My story begins in 1993; my husband was 29 going on 30.  Up and until that point, he was the healthiest and strongest person I ever met.  He remained the strongest person I have ever known for another 22 years.

Yes, this is a 22-year saga.  If you read it to the end, God bless you.

It was just a few days before our son?s second birthday and my beloved was a passenger in a vehicle that was rear-ended at a high rate of speed.  He suffered numerous bulging disks in his spine, but over the course of the next few months he began developing bizarre cognitive symptoms that no one at the hospital could explain.

One morning he got up for work and appeared intoxicated.  He began hallucinating and I called the paramedics.  As I waited he fell asleep.  When they arrived, he awoke with no memory of the incident and didn?t believe me, even though our neighbor was present and told him otherwise.  The paramedics left, because he was now alert and oriented.  They hadn?t seen what I had.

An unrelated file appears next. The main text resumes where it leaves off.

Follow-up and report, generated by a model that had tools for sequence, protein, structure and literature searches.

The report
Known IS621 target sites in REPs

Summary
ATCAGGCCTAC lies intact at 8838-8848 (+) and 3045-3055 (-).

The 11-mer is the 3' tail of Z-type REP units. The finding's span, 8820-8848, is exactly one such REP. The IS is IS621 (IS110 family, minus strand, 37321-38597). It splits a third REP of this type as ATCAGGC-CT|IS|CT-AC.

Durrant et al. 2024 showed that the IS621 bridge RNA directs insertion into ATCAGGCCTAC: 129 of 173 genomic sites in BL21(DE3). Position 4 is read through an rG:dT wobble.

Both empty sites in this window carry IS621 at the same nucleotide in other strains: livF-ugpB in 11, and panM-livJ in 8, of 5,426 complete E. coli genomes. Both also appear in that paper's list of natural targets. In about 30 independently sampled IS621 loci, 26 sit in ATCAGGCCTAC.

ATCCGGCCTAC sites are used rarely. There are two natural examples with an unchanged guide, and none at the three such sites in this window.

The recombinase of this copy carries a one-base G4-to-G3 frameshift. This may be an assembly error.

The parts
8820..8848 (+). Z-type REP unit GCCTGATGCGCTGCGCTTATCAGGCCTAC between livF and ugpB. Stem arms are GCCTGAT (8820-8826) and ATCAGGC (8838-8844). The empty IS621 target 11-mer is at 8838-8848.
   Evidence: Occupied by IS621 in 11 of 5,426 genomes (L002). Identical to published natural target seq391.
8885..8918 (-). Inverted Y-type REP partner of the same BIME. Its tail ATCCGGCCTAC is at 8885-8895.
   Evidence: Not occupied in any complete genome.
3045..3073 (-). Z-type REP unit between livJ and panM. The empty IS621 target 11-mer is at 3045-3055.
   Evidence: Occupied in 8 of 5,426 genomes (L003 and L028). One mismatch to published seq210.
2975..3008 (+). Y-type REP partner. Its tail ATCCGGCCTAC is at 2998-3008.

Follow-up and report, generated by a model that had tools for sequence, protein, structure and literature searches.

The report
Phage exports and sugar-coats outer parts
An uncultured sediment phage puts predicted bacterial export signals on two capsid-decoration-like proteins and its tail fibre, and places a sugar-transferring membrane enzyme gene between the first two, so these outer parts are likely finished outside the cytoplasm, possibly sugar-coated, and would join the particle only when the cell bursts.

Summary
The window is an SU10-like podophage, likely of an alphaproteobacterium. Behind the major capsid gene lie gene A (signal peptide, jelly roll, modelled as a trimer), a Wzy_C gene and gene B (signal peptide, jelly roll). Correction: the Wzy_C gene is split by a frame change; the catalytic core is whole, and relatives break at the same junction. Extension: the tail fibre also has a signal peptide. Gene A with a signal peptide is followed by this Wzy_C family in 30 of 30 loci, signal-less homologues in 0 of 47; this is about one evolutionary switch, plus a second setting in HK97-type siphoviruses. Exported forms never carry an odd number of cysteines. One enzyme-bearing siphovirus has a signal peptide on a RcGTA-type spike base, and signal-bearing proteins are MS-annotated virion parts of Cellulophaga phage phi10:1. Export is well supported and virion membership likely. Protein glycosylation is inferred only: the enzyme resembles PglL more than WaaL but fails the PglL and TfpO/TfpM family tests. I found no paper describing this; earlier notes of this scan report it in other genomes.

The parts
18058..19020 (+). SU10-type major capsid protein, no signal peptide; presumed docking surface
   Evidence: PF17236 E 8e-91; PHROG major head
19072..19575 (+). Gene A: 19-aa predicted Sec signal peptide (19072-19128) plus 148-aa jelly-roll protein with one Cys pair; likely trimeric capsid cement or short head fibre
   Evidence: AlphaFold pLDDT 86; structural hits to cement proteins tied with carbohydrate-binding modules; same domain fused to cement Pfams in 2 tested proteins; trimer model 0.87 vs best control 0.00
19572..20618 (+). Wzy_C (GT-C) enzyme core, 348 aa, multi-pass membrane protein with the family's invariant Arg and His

They did give us a referral to a local neuropsychologist, however, who did an extensive evaluation and diagnosed a minor traumatic brain injury.  Because of the position of his body when the car was hit, his brain had literally smacked around inside of his skull.

Months of therapy eventually ended most of the cognitive symptoms, but his lifelong chronic pain had begun.  Seven years later, he had a lumbar fusion, arthroscopic surgery and received a diagnosis of non-Hodgkin?s lymphoma.  A lifelong smoker since the age of eight, they also threw in a COPD diagnosis and told him he would be on oxygen in five years unless he quit smoking.